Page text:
That such programs fell away in many states was strongly criticised in the 2010 Victorian Royal Commission Report into the Black Saturday fires. It said that of the 7.7 million hectares of public land in Victoria managed by the Department of Sustainability and Environment, only 1.7 per cent (130,000 hectares) was being burned each year. The Commission recommended “an annual rolling target of a minimum of 5 per cent” to be burned.

According to Dr Neil Burrows, bushfire scientist with Western Australia’s Department of Biodiversity, Conservation and Attractions, in WA, “burning 1-2 per cent [of forested areas in WA] is largely ineffective”.

There is “a tipping point … We need to get up to the 8 per cent mark for it to have any significant effect for reducing the severity and scale of wildfires,” he said. While achieving this is more difficult in NSW and Victoria, because of a more changeable climate, rugged terrain and larger populations, Dr Burrows maintains it is possible.

Focusing on fuel reduction should also mean state authorities readjusting expenditure away from fire suppression (using expensive helicopter and ground equipment) and recovery to greater investment in prevention and fuel-hazard management, according to the report of Euan Ferguson into the 2016 WA fires. Since then, WA has reinvigorated its fuel-reduction program. Regardless of recent efforts in the eastern states, many localities remain at high risk because there is a fuel “hump” – a huge backlog of areas that have not been fuel reduced through planned burns for many years.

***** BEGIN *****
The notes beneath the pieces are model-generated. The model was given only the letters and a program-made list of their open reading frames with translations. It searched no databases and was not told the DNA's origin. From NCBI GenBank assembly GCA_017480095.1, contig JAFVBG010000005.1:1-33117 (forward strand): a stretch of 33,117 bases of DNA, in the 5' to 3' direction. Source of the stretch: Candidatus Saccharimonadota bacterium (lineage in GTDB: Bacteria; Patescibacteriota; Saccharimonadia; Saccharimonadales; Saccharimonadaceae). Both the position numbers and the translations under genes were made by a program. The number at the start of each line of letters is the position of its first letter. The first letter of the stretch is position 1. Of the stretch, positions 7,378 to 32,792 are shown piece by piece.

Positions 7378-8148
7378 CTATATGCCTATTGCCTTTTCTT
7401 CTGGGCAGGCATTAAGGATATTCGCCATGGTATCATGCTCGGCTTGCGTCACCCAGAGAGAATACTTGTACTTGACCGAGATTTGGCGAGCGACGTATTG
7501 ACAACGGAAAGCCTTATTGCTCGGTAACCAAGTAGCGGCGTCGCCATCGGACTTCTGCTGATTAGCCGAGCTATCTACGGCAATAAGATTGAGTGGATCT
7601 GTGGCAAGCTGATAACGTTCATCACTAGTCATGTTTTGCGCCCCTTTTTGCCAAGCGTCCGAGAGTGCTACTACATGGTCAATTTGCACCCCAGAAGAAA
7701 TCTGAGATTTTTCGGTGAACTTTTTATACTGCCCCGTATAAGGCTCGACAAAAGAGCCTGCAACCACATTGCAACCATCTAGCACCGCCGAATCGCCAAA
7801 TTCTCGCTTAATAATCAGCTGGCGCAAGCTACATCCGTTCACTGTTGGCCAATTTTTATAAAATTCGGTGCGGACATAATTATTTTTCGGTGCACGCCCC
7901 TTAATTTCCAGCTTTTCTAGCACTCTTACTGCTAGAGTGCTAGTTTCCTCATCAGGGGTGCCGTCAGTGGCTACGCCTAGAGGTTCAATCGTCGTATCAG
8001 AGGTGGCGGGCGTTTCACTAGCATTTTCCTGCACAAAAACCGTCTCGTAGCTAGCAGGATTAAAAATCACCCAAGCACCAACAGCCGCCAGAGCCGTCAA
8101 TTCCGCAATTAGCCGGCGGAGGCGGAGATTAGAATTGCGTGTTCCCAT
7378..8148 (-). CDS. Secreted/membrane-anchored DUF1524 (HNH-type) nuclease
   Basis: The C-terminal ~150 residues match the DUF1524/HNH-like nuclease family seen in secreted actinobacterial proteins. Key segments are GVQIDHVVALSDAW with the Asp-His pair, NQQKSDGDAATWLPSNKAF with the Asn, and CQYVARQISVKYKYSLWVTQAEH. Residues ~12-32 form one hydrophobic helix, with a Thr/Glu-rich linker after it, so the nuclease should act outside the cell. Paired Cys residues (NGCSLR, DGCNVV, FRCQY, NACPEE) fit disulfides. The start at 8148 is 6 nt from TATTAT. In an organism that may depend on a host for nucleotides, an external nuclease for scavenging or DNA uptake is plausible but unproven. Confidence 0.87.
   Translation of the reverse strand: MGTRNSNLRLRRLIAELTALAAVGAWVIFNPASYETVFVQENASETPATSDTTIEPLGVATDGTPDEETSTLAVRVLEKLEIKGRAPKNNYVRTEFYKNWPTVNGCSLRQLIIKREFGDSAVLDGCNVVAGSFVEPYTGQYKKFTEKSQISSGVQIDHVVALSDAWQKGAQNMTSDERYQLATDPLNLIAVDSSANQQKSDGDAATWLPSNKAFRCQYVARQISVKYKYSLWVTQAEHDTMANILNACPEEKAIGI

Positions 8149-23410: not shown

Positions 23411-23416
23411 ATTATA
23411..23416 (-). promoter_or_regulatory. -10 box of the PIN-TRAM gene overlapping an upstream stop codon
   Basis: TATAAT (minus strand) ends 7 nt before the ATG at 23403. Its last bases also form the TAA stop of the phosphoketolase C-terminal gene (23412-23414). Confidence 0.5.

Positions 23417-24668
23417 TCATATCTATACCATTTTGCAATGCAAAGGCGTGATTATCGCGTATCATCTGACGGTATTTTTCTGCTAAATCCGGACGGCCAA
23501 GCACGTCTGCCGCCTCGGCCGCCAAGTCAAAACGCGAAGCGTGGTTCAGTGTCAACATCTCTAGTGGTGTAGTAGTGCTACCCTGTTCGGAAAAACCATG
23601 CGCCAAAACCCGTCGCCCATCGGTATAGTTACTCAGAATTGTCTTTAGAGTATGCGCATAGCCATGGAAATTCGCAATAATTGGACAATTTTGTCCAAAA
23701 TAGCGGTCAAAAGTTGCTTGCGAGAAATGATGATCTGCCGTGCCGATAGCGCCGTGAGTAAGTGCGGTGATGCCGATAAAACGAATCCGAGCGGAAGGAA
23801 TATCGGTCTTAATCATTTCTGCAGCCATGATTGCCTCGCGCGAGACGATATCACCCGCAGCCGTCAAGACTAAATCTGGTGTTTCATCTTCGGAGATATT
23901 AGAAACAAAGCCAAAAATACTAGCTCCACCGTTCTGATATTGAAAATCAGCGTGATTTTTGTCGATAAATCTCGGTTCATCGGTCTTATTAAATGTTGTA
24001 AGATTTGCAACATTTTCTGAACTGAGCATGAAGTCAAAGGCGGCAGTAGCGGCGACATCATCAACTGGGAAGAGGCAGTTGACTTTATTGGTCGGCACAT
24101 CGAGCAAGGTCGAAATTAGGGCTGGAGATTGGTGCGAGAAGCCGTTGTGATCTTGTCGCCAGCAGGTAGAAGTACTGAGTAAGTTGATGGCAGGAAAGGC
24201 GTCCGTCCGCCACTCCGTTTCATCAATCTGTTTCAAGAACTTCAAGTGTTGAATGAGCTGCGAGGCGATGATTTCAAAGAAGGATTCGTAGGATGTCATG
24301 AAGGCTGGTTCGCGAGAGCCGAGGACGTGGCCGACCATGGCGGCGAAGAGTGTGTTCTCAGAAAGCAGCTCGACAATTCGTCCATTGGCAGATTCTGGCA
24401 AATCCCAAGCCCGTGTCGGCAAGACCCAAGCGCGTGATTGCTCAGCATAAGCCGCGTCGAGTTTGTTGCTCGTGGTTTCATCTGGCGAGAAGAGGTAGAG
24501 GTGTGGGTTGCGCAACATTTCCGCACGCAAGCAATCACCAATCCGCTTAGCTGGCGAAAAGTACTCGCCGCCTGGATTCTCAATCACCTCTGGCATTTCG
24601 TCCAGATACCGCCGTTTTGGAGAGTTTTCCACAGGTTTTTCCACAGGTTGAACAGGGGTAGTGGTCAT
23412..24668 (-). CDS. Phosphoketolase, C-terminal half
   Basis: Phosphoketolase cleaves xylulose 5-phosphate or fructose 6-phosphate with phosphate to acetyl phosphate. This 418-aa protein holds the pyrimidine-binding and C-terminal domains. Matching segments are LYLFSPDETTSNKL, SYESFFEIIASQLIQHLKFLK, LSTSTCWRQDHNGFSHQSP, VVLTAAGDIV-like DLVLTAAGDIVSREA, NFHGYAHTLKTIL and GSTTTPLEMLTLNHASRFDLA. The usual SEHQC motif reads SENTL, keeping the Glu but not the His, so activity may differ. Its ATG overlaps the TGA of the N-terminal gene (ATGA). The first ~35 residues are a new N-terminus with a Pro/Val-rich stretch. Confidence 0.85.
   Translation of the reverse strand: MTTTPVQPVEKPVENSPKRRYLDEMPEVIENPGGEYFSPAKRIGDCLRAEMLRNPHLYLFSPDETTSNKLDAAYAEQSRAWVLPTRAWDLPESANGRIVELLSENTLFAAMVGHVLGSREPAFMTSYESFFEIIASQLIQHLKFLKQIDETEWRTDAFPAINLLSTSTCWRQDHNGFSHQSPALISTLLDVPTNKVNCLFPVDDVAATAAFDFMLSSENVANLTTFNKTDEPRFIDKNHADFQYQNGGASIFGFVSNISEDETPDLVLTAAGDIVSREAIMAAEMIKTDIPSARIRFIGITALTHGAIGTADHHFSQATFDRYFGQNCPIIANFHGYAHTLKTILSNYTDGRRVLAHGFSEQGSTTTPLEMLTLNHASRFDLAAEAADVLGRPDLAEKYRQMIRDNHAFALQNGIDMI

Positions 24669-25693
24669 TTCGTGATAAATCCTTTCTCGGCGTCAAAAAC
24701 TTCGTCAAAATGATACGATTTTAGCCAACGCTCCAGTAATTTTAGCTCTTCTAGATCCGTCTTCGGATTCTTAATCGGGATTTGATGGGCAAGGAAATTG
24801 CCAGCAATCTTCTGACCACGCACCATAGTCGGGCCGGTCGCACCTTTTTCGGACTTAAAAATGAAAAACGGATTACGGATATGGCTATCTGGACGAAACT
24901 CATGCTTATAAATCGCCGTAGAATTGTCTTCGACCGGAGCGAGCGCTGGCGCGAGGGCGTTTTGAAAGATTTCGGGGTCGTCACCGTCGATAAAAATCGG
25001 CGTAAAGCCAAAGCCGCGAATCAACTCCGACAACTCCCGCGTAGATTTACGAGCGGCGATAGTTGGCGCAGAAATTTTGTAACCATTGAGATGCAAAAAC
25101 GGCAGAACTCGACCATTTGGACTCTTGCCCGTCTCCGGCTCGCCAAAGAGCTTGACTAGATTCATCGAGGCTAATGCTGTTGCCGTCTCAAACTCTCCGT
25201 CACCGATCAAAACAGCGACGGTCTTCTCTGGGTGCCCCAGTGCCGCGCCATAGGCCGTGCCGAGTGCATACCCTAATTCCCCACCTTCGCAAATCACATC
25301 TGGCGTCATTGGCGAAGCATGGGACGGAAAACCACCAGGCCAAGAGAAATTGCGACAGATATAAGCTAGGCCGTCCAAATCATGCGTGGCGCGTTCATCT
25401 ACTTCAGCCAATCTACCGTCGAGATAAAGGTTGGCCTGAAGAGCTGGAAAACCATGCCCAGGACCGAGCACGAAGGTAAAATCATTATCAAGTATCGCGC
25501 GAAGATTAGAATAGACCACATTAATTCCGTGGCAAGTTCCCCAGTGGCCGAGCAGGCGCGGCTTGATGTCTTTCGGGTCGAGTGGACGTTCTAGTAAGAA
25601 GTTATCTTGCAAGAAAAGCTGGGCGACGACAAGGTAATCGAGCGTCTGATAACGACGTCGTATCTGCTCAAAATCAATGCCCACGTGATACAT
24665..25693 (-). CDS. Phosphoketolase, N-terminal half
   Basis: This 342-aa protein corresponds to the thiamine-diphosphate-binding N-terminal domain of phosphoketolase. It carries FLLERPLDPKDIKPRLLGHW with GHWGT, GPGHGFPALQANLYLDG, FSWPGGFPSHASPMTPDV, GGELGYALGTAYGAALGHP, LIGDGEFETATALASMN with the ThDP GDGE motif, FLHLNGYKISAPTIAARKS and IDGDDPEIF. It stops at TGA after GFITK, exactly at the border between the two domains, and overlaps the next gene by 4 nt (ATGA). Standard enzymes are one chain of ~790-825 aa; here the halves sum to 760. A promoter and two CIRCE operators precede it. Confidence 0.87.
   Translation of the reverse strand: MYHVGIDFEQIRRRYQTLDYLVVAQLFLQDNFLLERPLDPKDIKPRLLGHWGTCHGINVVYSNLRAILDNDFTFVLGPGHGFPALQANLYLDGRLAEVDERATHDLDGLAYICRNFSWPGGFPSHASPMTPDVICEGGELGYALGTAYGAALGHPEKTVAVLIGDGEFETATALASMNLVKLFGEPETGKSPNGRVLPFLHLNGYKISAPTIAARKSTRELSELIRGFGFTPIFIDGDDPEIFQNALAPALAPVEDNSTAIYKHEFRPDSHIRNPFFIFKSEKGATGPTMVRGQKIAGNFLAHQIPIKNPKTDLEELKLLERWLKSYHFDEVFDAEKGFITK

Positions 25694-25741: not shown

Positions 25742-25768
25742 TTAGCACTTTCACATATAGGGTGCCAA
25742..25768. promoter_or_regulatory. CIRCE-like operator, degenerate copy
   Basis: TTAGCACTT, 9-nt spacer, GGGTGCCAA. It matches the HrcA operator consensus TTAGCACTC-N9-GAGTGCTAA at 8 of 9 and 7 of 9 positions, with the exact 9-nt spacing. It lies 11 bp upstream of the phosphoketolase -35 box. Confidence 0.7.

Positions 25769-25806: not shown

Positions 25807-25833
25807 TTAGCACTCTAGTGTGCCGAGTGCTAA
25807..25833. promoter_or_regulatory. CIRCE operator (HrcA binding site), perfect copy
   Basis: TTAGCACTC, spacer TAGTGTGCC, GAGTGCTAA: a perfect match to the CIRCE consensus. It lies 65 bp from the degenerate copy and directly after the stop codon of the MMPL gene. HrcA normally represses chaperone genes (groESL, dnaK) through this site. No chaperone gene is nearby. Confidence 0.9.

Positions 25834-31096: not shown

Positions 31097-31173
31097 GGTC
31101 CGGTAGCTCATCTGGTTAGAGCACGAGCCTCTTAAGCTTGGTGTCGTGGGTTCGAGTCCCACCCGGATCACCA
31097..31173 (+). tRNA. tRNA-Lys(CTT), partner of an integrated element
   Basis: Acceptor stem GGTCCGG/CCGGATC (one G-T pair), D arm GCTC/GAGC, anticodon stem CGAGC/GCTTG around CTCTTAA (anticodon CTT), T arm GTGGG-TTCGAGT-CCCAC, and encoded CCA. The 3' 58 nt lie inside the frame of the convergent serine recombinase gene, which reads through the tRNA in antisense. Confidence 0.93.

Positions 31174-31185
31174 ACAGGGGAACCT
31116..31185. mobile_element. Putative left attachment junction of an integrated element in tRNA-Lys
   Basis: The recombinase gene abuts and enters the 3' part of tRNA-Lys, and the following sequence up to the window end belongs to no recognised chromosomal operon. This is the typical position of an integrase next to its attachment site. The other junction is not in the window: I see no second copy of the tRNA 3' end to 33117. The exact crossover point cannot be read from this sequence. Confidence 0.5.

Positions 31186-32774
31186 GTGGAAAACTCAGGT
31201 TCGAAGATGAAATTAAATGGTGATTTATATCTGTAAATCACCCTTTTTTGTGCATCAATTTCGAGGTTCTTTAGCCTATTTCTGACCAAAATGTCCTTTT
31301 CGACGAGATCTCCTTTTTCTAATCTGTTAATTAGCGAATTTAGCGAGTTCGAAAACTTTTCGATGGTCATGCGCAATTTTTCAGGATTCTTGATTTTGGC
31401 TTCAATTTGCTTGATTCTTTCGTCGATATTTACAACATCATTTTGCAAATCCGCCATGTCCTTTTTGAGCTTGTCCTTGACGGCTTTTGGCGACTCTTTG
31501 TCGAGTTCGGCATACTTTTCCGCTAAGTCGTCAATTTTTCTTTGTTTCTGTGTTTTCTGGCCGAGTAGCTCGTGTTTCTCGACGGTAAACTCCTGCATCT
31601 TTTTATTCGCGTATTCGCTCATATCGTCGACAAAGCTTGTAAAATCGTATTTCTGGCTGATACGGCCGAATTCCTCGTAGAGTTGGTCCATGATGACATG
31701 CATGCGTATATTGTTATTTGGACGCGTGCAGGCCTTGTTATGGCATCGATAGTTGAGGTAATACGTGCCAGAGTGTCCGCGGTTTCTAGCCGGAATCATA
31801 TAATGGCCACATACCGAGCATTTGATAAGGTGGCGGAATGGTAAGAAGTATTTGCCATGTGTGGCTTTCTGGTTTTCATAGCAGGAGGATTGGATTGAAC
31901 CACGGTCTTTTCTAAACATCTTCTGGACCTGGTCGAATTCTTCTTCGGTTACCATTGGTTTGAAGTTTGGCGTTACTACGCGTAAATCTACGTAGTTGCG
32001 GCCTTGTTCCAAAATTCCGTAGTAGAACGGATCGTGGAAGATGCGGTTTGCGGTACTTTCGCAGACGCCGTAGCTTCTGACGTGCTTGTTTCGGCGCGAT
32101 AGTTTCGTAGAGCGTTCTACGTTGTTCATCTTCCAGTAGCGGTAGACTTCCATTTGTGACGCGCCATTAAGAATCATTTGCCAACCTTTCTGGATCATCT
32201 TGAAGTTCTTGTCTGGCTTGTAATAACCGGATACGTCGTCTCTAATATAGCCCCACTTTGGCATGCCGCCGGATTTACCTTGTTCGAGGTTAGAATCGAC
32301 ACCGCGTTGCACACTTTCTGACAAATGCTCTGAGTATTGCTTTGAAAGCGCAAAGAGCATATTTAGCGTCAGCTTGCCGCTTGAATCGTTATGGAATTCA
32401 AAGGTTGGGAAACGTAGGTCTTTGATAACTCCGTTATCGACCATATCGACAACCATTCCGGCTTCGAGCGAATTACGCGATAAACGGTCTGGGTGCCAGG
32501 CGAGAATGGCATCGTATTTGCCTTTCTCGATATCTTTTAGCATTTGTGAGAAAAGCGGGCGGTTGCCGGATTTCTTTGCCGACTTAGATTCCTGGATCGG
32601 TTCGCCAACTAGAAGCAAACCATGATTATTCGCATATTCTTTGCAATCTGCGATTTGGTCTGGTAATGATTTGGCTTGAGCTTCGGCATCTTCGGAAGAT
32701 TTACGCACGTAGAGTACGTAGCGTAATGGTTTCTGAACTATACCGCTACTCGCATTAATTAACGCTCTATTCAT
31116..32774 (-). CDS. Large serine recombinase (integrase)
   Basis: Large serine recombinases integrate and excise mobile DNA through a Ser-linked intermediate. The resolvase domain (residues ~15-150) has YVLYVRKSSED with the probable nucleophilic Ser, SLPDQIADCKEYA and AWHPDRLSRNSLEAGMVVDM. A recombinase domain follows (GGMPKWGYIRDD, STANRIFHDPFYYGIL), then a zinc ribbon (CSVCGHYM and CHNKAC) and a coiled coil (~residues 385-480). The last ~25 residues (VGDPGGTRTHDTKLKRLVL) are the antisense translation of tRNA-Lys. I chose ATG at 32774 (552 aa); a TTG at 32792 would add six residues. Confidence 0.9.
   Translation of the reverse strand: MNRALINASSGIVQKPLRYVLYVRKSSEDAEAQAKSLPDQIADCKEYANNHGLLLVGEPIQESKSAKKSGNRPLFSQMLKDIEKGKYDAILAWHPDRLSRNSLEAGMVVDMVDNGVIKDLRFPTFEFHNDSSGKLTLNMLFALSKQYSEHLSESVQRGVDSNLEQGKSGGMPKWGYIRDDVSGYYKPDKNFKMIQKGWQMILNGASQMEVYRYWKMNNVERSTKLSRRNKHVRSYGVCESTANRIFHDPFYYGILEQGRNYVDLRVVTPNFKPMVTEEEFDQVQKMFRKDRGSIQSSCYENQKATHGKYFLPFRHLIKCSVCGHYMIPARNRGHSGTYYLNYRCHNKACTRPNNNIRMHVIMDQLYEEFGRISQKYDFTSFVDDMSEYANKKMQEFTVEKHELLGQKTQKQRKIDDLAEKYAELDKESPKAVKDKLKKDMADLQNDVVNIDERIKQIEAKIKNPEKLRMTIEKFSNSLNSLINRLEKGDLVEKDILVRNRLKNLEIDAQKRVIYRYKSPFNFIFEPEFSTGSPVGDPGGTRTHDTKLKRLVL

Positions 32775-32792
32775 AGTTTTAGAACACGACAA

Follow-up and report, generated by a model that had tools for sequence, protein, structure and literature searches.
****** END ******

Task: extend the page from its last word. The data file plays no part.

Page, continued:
Despite this, the Andrews Government has just taken a big leap backwards, announcing that within a decade all Victoria’s old-growth forest will be locked up and the 120-year-old native forest timber industry will be forced to rely on plantation timber. As plantations take 50 years to grow, the industry will be forced to close.

Not only will this mean importing timber from countries with poor forest management, it means that, as trees age and die across an area of Victoria larger than Tasmania (seven million hectares), Victoria’s forests will be devastated by intense fires in drought times.